Year

2012

Degree Name

Masters of Science - Research

Department

School of Nursing, Midwifery and Indigenous Health

Abstract

The level of adherence to self management recommendations among Australian adults with asthma is inadequate despite decades of investment in asthma education, clinical guidelines for patient care and advances in pharmacotherapy. Self management strategies are well accepted as necessary for patients to control their symptoms and maintain a healthy quality of life. This research therefore aimed to examine the barriers and facilitators of effective asthma self management strategies from the patient perspective.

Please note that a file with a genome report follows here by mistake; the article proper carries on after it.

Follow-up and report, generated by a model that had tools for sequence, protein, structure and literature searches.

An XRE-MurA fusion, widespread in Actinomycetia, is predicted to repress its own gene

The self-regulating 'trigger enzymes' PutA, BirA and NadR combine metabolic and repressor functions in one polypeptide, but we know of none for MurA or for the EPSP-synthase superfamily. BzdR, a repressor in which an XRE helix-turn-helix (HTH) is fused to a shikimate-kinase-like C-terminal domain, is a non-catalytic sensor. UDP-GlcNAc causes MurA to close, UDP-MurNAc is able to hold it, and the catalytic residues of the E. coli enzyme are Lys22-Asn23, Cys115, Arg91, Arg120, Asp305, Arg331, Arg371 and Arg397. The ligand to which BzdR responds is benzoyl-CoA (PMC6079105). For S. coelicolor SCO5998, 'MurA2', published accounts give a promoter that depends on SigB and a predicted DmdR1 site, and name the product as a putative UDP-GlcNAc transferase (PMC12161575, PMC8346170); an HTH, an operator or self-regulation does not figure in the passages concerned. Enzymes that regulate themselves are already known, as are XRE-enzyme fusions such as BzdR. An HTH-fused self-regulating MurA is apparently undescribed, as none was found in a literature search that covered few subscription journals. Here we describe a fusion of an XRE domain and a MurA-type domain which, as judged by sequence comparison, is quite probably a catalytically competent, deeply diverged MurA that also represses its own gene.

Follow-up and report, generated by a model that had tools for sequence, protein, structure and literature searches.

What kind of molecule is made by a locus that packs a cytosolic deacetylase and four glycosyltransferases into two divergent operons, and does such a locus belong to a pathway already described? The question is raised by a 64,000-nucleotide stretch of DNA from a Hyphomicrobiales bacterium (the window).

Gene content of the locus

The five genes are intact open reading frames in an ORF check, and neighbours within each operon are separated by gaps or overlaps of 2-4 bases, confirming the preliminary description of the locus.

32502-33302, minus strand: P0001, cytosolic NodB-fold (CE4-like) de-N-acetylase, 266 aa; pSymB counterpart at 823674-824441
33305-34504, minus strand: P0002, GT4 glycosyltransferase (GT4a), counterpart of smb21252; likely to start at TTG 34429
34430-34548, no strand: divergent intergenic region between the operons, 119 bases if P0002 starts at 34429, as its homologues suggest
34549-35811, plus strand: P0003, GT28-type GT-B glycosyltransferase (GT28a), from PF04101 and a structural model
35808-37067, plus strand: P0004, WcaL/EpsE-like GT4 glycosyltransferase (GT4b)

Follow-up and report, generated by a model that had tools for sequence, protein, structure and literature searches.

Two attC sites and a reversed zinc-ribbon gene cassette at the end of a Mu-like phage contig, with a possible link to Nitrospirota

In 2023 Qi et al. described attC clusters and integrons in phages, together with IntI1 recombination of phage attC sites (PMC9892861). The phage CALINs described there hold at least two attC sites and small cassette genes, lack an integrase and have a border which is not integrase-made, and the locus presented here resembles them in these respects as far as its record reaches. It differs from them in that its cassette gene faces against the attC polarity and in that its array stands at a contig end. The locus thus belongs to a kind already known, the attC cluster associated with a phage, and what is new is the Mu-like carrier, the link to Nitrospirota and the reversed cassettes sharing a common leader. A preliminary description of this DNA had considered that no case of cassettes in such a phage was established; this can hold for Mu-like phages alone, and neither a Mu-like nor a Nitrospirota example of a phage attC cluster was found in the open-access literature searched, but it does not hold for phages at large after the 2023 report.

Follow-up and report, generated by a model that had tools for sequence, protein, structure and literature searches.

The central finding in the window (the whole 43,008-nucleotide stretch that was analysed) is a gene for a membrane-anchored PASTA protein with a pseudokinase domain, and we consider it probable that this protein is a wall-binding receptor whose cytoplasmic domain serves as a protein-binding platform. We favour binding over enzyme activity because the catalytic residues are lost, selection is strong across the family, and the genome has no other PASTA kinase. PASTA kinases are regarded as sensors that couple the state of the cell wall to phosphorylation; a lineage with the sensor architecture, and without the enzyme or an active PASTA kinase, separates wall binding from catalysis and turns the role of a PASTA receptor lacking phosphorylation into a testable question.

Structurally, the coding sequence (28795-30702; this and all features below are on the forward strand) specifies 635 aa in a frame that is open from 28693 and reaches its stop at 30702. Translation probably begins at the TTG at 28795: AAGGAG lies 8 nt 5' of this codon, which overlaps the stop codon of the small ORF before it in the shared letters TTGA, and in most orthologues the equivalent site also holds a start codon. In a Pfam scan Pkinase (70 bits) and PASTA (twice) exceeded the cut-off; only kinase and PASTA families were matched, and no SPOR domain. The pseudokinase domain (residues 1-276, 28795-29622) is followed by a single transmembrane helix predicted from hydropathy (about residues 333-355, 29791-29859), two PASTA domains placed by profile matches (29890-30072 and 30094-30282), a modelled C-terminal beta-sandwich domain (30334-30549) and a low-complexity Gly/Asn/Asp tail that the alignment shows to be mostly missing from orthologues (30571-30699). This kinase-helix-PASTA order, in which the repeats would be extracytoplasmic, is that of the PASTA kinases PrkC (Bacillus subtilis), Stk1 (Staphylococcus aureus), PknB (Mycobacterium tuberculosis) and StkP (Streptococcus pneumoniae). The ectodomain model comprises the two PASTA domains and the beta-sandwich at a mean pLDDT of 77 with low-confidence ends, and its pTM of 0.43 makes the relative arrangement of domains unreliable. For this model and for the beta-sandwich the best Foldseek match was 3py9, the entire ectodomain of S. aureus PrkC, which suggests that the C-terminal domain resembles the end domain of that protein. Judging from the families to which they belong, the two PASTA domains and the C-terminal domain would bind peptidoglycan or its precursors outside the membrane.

This research was implemented in three phases, each informing the next. A review of the literature was undertaken to understand the current recommended components of asthma self management and to identify any reported attributes which may negatively influence patient behaviour.

Focus group research was then carried out which revealed numerous complex and interesting themes. Adults with asthma had difficulty in accepting generic self management recommendations as being personally relevant to them, and further, voiced a need for social support and a concern regarding stigma.

The theme of stigmatisation was explored in the final stage of this research. Results of a web based survey demonstrated that stigma is indeed an area which may negatively impact on asthma self management, and is a worthy topic for future investigation.

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